When Walmart Thought A Woman Being President Was Against “Family Values"

(ANTIMEDIA) Only three short years after Hillary Clinton stepped down as a member of Walmart’s Board of Directors, the mammoth retail chain pulled a t-shirt from their shelves for promoting the fact that a woman could someday be president of the United States.

In 1995, while Hillary was serving as First Lady, a t-shirt designer in south Florida created a shirt featuring a character named Margaret from the cartoon strip Dennis the Menace. Above the outstretched hands of Margaret read the words“Someday a woman will be president.” 

A local Walmart agreed to sell the design and actually sold over 60 of the 204 garments they ordered within the first two weeks of stocking the item. After the retailer placed an order for 100 more shirts, a customer complained.

Although the shopper’s grievance was completely asinine — considering there is always that one person who is offended by everything — it shouldn’t be terribly surprising that someone took issue with the shirt. What is surprising is that the world’s largest employer agreed with the customer’s ridiculous position and actually stopped selling the shirt. Immediately.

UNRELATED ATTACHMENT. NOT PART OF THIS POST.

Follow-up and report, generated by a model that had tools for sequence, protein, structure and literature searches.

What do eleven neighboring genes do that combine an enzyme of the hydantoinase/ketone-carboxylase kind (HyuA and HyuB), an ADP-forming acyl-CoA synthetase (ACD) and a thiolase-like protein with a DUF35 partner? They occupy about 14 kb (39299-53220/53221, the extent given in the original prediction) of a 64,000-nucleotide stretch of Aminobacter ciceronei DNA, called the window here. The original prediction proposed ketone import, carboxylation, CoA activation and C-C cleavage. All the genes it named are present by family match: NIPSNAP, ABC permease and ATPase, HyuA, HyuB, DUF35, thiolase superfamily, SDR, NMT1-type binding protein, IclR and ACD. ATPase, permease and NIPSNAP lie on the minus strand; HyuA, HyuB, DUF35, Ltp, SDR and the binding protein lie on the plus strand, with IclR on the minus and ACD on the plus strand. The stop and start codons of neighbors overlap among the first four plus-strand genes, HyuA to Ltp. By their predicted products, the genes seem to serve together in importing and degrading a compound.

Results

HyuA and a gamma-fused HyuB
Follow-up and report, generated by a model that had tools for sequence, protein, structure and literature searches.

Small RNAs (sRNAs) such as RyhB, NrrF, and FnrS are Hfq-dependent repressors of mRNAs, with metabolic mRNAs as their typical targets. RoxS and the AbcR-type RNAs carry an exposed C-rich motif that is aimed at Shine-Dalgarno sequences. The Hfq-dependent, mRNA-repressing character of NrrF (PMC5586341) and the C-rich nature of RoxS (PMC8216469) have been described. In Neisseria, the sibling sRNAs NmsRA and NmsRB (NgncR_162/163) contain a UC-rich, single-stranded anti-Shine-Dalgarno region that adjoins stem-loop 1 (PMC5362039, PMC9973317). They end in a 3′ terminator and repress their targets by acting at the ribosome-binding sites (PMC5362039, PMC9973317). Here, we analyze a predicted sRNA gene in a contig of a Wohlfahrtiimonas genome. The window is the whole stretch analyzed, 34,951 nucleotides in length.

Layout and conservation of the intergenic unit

“In this case, it was determined the T-shirt was offensive to some people, and so the decision was made to pull it from the sales floor,  a spokesperson for the company said at the time.

A Walmart buyer even told Ann Moliver Ruben, the creator the of the shirt, that her design “didn’t represent family values.”

The decision did spark a nationwide uproar that forced Walmart to later order 30,000 of the shirt as a form of repentance for their blunder.

“Wow, it still pains us that we made this mistake 20 years ago. We’re proud of the fact that our country – and our company – has made so much progress in advancing women in the workplace, and in society,” the retailer said in a statement that reflects on the incident.

This article (When Walmart Thought A Woman Being President Was Against “Family Values”) is free and open source. You have permission to republish this article under a Creative Commons license with attribution to SM Gibson and theAntiMedia.orgAnti-Media Radio airs weeknights at 11pm Eastern/8pm Pacific. If you spot a typo, email edits@theantimedia.org.

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